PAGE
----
An Egyptian court convicted in absentia on Wednesday seven Egyptian Coptic Christians and a Florida-based American pastor, sentencing them to death on charges linked to an anti-Islam film that had sparked riots in parts of the Muslim world.
The case was seen as largely symbolic because the defendants, most of whom live in the United States, are all outside Egypt and are thus unlikely to ever face the sentence. The charges were brought in September during a wave of public outrage in Egypt over the amateur film, which was produced by an Egyptian-American Copt.
The low-budget "Innocence of Muslims," parts of which were made available online, portrays the Prophet Muhammad as a fraud, womaniser and buffoon.
Egypt's official news agency said the court found the defendants guilty of harming national unity, insulting and publicly attacking Islam and spreading false information - charges that carry the death sentence.
Maximum sentences are common in cases tried in absentia in Egypt. Capital punishment decisions are reviewed by the country's chief religious authority, who must approve or reject the sentence. A final verdict is scheduled on January 29.
The man behind the film, Mark Basseley Youssef, was among those convicted. He was sentenced in a California court earlier this month to one year in federal prison for probation violations in an unrelated matter. Youssef, 55, admitted that he had used several false names in violation of his probation order and obtained a driver's license under a false name. He was on probation for a bank fraud case.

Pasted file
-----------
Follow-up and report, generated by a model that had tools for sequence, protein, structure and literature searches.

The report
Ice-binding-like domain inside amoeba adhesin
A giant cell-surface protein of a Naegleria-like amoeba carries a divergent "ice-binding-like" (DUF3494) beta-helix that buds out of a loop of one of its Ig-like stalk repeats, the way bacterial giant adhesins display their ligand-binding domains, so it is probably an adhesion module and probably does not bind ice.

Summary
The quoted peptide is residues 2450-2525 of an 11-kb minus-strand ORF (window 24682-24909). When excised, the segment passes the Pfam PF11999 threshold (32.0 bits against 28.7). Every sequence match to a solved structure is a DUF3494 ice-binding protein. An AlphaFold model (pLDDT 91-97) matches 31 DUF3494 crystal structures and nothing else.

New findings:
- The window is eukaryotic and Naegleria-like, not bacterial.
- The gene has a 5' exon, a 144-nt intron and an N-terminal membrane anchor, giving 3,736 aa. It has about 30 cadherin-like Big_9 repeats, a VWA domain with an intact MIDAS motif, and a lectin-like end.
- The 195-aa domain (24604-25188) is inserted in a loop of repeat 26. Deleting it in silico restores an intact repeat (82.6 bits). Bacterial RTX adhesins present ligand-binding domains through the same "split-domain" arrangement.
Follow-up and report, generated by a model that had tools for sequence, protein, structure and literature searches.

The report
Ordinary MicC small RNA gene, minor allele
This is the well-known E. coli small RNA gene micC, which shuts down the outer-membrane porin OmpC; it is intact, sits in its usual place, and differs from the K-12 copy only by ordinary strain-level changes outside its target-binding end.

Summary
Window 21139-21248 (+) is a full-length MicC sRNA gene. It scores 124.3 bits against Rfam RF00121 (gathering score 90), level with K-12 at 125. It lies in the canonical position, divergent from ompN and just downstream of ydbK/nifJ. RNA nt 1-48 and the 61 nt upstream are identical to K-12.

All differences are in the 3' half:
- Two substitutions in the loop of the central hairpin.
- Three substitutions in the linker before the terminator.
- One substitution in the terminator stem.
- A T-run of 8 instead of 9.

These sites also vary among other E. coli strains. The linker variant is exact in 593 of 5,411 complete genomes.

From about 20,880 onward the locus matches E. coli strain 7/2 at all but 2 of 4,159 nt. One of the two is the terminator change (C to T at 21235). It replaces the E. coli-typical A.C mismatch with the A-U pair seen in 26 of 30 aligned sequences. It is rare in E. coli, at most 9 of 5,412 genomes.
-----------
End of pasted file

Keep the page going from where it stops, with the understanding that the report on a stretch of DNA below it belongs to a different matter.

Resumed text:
Multiple calls to Youssef's attorney in Southern California, Steve Seiden, were not returned Wednesday.
Florida-based Terry Jones, another of those sentenced, is the pastor of Dove World Outreach, a church of less than 50 members in Gainesville, Florida, not far from the University of Florida. He has said he was contacted by the filmmaker to promote the film, as well as Morris Sadek, a conservative Coptic Christian in the US who posted the video clips on his website.
In a telephone interview on Wednesday, Jones said the ruling "shows the true face of Islam" - one that he views as intolerant of dissent and opposed to basic freedoms of speech and religion.
"We can speak out here in America," Jones said. "That freedom means that we criticise government leadership, religion even at times. Islam is not a religion that tolerates any type of criticism."
In a statement sent to The Associated Press on Wednesday, Sadek, who fled Egypt 10 years ago and is now a Coptic activist living in Chantilly, Virginia., denied any role in the creation, production or financing of the film.
He said the verdict "shows the world that the Muslim Brotherhood regime wants to shut up all the Coptic activists, so no one can demand Copts' rights in Egypt."
Coptic Christians make up most of Egypt's Christian minority, around 10 percent of the country's 83 million. They complain of state discrimination. Violent clashes break out occasionally over land disputes, worshipping rights and love affairs between Muslims and Christians.